New Laser-Based Sensor Effectively Detects Buried Objects Even While in Motion

The detection of landmines could be a slow and difficult process. Although the process can be expedited by detecting the landmines from a moving vehicle, this will have an impact on accuracy.

This is vibration imaging of buried object using LAMBDIS. (Image credit: V. Aranchuk, University of Mississippi)

Scientists at the University of Mississippi, United States, will present a novel laser-based sensor at The Optical Society’s (OSA) Laser Congress that will be held in Vienna, Austria from September 29th to October 3rd, 2019. The sensor can effectively detect hidden objects even when the detector is moving.

This innovative device provides a major enhancement over other currently available technologies, which are impossible to use on the go and also tend to lose precision when external sources of vibration or sound are present.

Laser Doppler vibrometers (LDVs) in combination with vibration triggered in the ground have demonstrated potential to identify various buried objects, including landmines. However, LDVs are sensitive to environmental vibrations, meaning they can be used only from an exclusive stable platform.

By contrast, the new device, known as a Laser Multi-Beam Differential Interferometric Sensor (or LAMBDIS in short), has similar detection capabilities and is also much less susceptible to motion. This means the device can be utilized aboard a moving vehicle.

The lingering scourge of landmines presents a serious challenge to rapid and accurate interrogation of large areas from moving vehicles. Our new device overcomes this challenge by using a series of laser beams and then combining their signals to create a rapid-detection scheme that also is robust enough to compensate for motion and other ‘noise’ that could overwhelm other techniques.

Dr Vyacheslav Aranchuk, Study Lead Researcher, University of Mississippi

Aranchuk continued, “LAMBDIS provides measurement of vibration fields with high sensitivity, while having low sensitivity to the whole-body motion of the object, or sensor itself, allowing for the operation from a moving vehicle.”

Measurements Without a Reference Beam

In order to identify hidden objects, LDVs are used along with a seismic source, for example, a mechanical shaker, or an audio source like a loudspeaker. The ground vibrates due to the sound or seismic waves. The LDV is capable of detecting slight variations in the vibration pattern where an object is concealed. But for this to happen, the environment should be adequately vibration-free and the detector should also be immobile.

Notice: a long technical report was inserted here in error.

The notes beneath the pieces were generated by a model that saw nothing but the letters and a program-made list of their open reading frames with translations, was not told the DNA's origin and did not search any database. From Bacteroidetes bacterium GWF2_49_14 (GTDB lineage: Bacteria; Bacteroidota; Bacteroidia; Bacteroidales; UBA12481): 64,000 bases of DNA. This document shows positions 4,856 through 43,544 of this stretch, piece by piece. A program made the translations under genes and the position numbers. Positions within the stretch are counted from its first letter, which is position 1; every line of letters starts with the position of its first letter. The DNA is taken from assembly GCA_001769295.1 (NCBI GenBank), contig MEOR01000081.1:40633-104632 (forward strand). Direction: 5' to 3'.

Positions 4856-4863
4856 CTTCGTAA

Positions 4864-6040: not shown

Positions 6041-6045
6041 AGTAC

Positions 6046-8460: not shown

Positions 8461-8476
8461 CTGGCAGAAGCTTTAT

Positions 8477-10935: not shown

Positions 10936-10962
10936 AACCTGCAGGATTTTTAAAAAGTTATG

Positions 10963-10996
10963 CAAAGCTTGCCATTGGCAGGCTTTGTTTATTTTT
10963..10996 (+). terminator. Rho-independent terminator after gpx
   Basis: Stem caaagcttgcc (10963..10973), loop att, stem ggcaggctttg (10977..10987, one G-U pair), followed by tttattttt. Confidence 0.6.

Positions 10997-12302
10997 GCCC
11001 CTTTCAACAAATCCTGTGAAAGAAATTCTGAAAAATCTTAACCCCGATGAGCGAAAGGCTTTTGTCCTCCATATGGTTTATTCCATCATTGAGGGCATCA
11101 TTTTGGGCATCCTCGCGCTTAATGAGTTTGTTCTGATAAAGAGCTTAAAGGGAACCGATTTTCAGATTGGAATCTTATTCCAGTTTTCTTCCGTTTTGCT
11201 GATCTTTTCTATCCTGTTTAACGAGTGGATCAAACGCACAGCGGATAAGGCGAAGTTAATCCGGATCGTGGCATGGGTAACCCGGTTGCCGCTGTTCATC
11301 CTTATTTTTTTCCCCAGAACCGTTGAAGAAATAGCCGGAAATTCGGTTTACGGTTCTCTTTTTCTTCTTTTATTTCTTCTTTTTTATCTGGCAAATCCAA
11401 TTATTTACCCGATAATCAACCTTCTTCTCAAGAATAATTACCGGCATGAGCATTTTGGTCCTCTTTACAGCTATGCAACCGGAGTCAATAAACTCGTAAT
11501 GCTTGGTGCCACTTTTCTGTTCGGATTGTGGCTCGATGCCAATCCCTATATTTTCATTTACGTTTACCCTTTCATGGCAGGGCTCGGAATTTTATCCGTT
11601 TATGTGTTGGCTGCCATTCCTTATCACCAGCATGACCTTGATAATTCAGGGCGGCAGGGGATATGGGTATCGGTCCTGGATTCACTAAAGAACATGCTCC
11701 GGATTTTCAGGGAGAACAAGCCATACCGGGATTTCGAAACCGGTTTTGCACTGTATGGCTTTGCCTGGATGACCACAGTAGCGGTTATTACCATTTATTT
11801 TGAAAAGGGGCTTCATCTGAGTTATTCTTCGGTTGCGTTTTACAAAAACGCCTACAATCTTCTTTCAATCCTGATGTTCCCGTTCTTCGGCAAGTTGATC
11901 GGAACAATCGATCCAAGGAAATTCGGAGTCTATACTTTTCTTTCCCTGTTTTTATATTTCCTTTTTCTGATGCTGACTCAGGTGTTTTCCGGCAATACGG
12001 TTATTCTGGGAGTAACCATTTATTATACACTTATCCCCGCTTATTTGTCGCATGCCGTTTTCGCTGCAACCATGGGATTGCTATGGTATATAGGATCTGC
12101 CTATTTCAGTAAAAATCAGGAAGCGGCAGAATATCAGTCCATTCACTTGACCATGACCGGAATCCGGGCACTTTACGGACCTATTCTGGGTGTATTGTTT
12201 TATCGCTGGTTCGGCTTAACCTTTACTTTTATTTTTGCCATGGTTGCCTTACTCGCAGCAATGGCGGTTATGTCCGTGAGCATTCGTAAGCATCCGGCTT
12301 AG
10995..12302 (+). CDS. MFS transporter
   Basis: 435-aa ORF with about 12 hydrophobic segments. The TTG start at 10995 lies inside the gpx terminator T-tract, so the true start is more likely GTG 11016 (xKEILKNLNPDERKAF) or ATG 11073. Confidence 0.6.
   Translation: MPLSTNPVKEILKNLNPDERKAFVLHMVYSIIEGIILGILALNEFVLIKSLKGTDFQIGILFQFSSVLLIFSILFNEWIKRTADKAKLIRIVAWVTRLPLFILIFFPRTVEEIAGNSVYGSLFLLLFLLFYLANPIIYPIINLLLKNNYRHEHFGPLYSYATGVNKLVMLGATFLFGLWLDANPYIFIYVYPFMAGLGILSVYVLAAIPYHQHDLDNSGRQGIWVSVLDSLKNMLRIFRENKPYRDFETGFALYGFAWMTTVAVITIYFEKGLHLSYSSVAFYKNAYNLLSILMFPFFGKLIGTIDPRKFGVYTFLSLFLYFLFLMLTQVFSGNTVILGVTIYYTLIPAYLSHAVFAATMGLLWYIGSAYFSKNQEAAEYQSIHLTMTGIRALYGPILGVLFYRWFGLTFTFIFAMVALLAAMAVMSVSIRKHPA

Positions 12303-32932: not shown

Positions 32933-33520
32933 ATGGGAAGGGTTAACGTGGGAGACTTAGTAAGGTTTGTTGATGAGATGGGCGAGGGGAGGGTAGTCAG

Operation of conventional LDVs depends on the interference of light. This light is reflected from an object with a reference beam that is internal to the LDVs. Consequently, the LDV’s motion itself can cause the LDV signals to be considerably higher than—and indistinguishable from—the signals induced by the vibration of the object.

In the latest study, the scientists employed a linear array of 30 laser beams focused onto the interrogated region.

Optical elements, such as a shearing interferometer and a receiver lens, were utilized to integrate the light reflected from varied points on the ground on a photodetector array, or PDA. This leads to interference signals on the PDA outputs.

The signals’ frequency is in proportion to the vibration velocity present between illuminated points. This can be attributed to the Doppler effect. When the PDA signals were processed, vibrations between illuminated points on the surface were observed.

Unlike LDVs, the LAMBDIS doesn’t use an internal reference beam, but detects a Doppler shift by using interference of light reflected from different points on the object. Due to the lack of a reference beam, the Doppler frequency caused by the sensor motion is practically the same for all reflected beams and is automatically subtracted from the interference signals.

Dr Vyacheslav Aranchuk, Study Lead Researcher, University of Mississippi

Aranchuk continued, “As a result, LAMBDIS has very low sensitivity to the motion of the sensor itself, while having high sensitivity to relative vibration between points on the object.”

Successful Field Tests

The team reported that the new LAMBDIS device worked well under a variety of conditions in both lab and field tests. The device was able to identify concealed objects placed 7.5 to 20 m away and from a vehicle moving at a speed of 3.8 m per second (around 8.5 miles per hour) with similar outcomes to an LDV mounted on a stable platform.

The scientists tested the LAMBDIS device both with different scanning and with airborne and seismic sound sources. This indicates that the device can deliver precise results in a range of real-world situations.

Apart from sensing landmines, LDVs are often used to calibrate equipment and explore materials, to evaluate structure and bridge vibrations, to examine aircraft and automobile components, as well as in biomedical and dental applications. Such applications may benefit from the LAMBDIS device in situations where movement or environmental noise prevents the use of LDV devices.

This study is funded by the Department of the Navy, Office of Naval Research under ONR award number N00014-18-2489.

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